- ICC VATICAN PROSECUTION
- Our Issues
- Learn More
- Get Involved
- Our Cases
- About Us
November 25, 2013, New York – Today, the Center for Constitutional Rights (CCR) and co-counsel,…
November 22, 2013 - Today, an appellate panel from the U.S. Court of Appeals for…
Al-Jundi v. Estate of Oswald is a lawsuit which the Center for Constitutional Rights (CCR) filed seeking compensation and damages for the victims of the Attica uprising.
Al-Jundi v. Estate of Oswald is a $2.8 billion civil damages suit filed in 1974 by survivors of what came to be known as the Attica Uprising. They first sued various New York State officials, asserting that they were responsible for the deaths of 39 persons and the wounding of more than 100 and for the systematic brutality and torture committed against more than 1,000 prisoners. The plaintiffs also sued the commander of the State Police assault force for inflicting cruel and unusual punishment in the planning and execution of the assault. In September 1971, the prisoners at Attica erupted into a full-scale rebellion, demanding better treatment, better food, and more and better vocational and rehabilitation programs. After the prison was retaken by force on September 13, 1971, state police lied to cover up their actions.
Inmate Frank “Big Black” Smith, for example, was tortured for more than ten hours. He was forced to lie naked on a table with a football under his chin, repeatedly beaten in his testicles, burned with cigarettes and shotgun shells and threatened with death or castration if he dropped the football. He was later run through a gauntlet of club-wielding guards and state troopers, beaten, and threatened through the night with loaded guns placed on his head.
The next 20 years of litigation were mainly taken up with motions by the defendants, who tried to be excluded from the suit. In the intervening years, New York Governor Nelson Rockefeller, who had ordered the armed assault on the prison, died, and his estate was dismissed from the suit. The Second Circuit Court of Appeals rejected the qualified immunity claims of Commissioner of Corrections Russell Oswals, Prison Warden Vincent Mancusi, and his deputy Karl Pfeil, and ordered them to stand trial.
The case finally went to trial in October 1991 on the issue of liability. After a five-month trial, the jury found Pfeil liable for the torture and brutality of the inmates, but could not agree on a verdict against the other defendants.
For more than five years, the plaintiffs tried to settle the case with no success, while at the same time attempting to get the court to schedule damage trials on the liability verdict that they had obtained against Pfeil for the torture and brutality.
Finally, in the spring of 1997, when all discussion of settlement had ended, the damage cases of Frank Smith and another Attica inmate, David Brosig, went to trial on their damage claims. On June 6, 1997, a federal jury in Buffalo, New York awarded Smith a judgment of $4 million in damages. He was the first of 1,281 inmates to win damages. In a second trial, which followed two weeks later, inmate David Brosig, who sustained less serious injuries than Smith, was awarded $75,000 for the beatings and threats he suffered.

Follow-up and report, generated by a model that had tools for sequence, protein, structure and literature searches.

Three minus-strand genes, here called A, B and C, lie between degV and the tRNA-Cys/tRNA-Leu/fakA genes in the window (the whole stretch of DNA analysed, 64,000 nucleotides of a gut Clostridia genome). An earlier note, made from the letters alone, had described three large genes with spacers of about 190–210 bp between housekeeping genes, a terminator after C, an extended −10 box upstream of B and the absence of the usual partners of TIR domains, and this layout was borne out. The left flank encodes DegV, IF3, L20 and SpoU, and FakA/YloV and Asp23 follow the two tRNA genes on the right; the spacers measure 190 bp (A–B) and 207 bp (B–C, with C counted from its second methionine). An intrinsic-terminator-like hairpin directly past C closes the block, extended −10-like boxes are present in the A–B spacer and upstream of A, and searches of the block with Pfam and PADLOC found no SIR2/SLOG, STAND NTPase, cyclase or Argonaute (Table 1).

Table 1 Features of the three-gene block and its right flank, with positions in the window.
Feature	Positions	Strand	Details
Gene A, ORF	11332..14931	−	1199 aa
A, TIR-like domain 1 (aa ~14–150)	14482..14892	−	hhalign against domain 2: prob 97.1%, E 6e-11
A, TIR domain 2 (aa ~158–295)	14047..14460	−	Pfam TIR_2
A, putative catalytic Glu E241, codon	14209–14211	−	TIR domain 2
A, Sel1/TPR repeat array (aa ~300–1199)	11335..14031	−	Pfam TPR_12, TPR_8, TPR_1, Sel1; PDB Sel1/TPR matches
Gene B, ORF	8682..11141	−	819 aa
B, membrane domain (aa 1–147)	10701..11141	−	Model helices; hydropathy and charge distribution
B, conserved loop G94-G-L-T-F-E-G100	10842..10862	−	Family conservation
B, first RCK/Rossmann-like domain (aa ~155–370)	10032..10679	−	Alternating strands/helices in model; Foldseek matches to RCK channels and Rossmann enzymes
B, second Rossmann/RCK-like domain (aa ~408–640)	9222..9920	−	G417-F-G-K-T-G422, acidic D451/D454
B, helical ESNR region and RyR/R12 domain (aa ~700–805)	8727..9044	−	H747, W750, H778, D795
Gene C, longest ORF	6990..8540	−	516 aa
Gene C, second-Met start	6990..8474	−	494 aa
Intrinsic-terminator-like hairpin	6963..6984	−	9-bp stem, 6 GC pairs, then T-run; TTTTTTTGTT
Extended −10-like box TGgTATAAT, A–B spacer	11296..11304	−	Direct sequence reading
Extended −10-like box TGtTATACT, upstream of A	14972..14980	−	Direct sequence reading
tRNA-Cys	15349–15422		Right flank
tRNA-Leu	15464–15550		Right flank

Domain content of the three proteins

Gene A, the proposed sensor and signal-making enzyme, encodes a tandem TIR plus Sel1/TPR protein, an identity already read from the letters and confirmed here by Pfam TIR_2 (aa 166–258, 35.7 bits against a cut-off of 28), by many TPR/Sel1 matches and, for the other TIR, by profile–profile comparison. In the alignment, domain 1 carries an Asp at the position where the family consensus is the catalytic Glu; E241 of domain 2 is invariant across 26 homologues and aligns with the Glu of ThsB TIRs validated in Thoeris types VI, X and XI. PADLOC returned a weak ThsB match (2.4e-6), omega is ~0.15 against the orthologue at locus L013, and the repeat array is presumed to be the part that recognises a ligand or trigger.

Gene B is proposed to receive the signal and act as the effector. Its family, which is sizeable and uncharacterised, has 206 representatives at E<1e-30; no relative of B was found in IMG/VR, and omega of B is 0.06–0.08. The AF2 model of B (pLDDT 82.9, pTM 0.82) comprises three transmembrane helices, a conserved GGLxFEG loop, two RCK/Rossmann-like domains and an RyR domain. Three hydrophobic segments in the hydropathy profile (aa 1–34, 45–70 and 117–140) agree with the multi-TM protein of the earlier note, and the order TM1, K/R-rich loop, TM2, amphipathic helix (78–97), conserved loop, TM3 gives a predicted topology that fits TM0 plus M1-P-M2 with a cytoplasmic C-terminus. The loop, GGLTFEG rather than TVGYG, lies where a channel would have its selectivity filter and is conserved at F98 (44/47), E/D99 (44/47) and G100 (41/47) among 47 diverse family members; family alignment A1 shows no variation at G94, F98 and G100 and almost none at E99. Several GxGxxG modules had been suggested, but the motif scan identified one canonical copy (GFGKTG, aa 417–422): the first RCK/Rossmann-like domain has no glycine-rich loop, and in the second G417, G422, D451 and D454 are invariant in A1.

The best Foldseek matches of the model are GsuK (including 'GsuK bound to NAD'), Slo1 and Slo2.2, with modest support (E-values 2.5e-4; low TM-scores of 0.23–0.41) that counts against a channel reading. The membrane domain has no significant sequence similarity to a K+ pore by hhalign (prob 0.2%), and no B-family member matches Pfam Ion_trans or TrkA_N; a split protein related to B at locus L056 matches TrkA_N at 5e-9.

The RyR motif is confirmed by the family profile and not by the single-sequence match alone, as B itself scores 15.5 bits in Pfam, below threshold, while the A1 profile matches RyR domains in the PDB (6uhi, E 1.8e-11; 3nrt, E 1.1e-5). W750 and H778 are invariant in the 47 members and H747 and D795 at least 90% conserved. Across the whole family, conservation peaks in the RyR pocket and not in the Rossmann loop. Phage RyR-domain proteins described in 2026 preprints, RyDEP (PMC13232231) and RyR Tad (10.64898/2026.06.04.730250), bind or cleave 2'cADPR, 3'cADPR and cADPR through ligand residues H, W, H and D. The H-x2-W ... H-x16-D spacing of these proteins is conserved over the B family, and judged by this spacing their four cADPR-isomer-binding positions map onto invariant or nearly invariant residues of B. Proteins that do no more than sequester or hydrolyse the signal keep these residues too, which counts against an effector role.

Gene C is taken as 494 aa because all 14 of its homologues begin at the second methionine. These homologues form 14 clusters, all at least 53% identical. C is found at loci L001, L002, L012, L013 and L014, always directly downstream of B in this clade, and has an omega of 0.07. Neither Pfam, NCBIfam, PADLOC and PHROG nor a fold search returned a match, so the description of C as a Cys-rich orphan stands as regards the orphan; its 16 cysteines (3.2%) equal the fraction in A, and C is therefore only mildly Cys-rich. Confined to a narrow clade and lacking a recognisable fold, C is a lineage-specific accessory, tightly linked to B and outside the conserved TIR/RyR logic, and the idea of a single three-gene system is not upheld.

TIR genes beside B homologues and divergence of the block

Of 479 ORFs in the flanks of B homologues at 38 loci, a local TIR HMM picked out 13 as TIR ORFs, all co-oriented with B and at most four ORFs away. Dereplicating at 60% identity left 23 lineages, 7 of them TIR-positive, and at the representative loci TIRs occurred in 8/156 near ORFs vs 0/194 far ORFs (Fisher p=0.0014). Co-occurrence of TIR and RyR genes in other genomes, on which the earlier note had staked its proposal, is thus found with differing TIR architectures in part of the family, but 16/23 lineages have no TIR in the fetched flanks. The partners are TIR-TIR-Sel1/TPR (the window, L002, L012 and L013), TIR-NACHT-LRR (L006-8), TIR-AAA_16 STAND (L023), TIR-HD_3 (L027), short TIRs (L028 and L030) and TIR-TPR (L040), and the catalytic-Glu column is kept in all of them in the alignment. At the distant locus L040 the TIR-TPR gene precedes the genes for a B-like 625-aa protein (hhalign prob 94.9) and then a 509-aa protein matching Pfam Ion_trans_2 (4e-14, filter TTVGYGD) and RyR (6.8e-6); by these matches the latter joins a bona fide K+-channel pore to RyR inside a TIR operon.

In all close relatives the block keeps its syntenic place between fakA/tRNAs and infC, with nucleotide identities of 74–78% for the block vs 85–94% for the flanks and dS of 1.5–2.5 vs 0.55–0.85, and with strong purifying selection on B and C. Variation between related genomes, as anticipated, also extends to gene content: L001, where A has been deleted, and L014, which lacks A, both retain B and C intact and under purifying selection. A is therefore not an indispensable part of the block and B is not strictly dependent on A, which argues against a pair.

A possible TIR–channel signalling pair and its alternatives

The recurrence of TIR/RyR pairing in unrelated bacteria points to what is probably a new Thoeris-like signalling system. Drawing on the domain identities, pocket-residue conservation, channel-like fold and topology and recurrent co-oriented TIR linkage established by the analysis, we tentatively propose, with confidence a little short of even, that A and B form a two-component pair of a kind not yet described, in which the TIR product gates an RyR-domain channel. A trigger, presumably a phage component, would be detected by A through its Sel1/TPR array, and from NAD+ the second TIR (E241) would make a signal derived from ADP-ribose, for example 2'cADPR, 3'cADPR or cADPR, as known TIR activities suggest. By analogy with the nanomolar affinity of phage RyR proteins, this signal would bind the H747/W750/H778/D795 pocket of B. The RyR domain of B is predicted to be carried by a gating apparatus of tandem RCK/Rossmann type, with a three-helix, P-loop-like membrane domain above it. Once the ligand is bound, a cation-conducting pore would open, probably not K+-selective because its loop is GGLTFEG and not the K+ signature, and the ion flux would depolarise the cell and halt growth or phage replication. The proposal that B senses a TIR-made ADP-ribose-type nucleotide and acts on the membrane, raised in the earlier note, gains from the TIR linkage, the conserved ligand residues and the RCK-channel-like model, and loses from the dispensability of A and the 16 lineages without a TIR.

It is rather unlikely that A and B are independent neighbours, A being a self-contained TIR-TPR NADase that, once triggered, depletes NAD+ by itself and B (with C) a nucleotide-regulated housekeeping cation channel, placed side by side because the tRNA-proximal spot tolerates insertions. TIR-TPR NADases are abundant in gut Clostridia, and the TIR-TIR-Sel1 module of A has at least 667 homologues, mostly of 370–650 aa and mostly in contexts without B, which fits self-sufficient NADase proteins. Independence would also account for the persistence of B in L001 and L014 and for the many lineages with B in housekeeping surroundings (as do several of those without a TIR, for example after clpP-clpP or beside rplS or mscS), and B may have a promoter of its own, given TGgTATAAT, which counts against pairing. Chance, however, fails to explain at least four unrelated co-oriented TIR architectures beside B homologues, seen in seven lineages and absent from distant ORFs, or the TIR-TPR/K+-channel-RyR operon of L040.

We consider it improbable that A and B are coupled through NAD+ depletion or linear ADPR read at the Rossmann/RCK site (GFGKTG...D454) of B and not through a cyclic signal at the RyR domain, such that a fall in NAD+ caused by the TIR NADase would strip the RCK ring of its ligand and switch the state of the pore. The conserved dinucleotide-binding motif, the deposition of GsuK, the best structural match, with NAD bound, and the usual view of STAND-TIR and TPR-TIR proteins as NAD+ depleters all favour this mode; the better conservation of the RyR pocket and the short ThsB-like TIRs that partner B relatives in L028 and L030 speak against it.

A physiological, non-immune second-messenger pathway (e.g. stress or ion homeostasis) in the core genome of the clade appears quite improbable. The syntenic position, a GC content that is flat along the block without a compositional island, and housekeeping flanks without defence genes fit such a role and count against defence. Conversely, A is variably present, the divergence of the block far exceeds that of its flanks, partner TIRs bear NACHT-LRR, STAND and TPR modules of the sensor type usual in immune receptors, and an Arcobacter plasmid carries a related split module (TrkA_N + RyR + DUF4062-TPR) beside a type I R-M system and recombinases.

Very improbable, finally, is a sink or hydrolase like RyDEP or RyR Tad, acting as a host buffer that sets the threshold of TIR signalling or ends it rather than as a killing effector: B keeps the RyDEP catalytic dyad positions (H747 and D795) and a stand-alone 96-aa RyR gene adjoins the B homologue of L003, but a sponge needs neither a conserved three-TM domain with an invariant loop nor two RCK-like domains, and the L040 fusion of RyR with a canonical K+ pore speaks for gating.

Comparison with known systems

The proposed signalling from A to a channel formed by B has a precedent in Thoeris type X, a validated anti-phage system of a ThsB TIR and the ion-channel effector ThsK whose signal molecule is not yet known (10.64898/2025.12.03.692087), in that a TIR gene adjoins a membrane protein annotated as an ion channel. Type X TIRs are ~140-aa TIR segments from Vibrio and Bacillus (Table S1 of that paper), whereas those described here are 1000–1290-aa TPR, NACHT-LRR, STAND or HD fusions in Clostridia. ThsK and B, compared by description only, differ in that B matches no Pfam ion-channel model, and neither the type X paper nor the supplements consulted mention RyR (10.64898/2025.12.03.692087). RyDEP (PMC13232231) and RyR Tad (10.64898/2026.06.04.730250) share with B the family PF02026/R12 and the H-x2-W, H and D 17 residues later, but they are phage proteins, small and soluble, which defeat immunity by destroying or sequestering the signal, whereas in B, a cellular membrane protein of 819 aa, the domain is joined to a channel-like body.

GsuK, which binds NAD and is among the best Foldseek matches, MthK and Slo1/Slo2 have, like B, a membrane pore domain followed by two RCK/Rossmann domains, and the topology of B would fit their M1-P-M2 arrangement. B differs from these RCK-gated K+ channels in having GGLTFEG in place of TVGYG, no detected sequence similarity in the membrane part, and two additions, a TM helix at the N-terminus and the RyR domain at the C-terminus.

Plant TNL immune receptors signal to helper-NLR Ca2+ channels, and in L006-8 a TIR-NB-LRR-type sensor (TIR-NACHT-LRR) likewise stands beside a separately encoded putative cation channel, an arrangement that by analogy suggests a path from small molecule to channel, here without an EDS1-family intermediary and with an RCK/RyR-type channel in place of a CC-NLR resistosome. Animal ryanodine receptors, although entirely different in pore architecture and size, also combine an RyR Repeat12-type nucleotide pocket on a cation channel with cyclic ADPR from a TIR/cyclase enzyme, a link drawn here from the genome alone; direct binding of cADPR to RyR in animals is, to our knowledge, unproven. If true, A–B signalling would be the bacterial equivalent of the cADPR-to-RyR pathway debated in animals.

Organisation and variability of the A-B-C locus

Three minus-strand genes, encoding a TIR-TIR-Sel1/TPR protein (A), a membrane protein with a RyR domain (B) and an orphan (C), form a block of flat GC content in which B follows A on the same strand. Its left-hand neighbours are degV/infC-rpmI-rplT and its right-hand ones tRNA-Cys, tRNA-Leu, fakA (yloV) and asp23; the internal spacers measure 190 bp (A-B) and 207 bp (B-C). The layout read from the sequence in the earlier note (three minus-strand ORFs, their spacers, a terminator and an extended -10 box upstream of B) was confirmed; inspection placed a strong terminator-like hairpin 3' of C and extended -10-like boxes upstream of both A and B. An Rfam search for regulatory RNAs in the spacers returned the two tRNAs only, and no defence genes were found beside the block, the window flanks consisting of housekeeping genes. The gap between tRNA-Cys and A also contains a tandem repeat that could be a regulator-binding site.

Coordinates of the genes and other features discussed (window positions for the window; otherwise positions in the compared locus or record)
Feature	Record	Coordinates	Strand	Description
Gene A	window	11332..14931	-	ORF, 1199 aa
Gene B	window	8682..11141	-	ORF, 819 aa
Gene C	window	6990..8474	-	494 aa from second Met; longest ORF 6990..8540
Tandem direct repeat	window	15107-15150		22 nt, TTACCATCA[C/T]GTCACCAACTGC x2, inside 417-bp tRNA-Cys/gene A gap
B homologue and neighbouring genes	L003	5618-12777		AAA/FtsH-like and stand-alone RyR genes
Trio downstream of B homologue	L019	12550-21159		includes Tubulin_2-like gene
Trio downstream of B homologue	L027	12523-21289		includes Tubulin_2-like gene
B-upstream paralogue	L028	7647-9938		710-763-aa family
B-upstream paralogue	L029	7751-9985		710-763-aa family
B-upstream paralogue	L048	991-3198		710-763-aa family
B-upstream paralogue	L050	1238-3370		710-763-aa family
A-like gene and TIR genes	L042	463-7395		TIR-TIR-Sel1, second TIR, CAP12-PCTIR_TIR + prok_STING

Smith, one of the main spokespersons for the Attica Brothers, told The New York Times, “We finally got justice. The jury has sent a message that people everywhere need to be treated like humans, not animals.” Smith went on to say, however, that “real justice can only be achieved when the State of New York comes forward to provide just compensation for all the Attica Brothers, including those who were killed and shot.”
The State appealed both damage verdicts, as well as the original liability verdicts, to the Second Circuit. In June 1998, CCR organized and wrote an amicus brief for 13 civil rights/public interest organizations, including the Legal Aid Society, the New York State Defenders Association, the National Conference of Black Lawyers, and the National Lawyers Guild. The brief strenuously argues that Deputy Warden Pfeil’s actions in closing his eyes to scenes of torture of prisoners and refusing to hear the screams constituted indifference sufficiently deliberate so as to violate the Eight Amendment’s prohibition against cruel and unusual punishment.
Oral argument was heard in June 1998. On August 8, 1999 the second Circuit reversed the jury’s verdict. The Court of Appeals agreed that there was ample evidence to support a verdict of cruel and unusual punishment. However, the court found an inconsistency in the verdict form that required remand and retrial.
In the course of preparing for the new trial, the Court actively engaged the parties in settlement discussion, and the case was settled for $8 million. On August 28, 1999, the Court determined the distribution of the settlement monies to the Attica victims.
Nearly 30 years after prisoners were tortured by guards and state troopers in the wake of the Attica Rebellion, CCR celebrated a multimillion-dollar settlement of a lawsuit that charged officials caused the deaths and injuries of hundred of inmates and brutalized thousands more.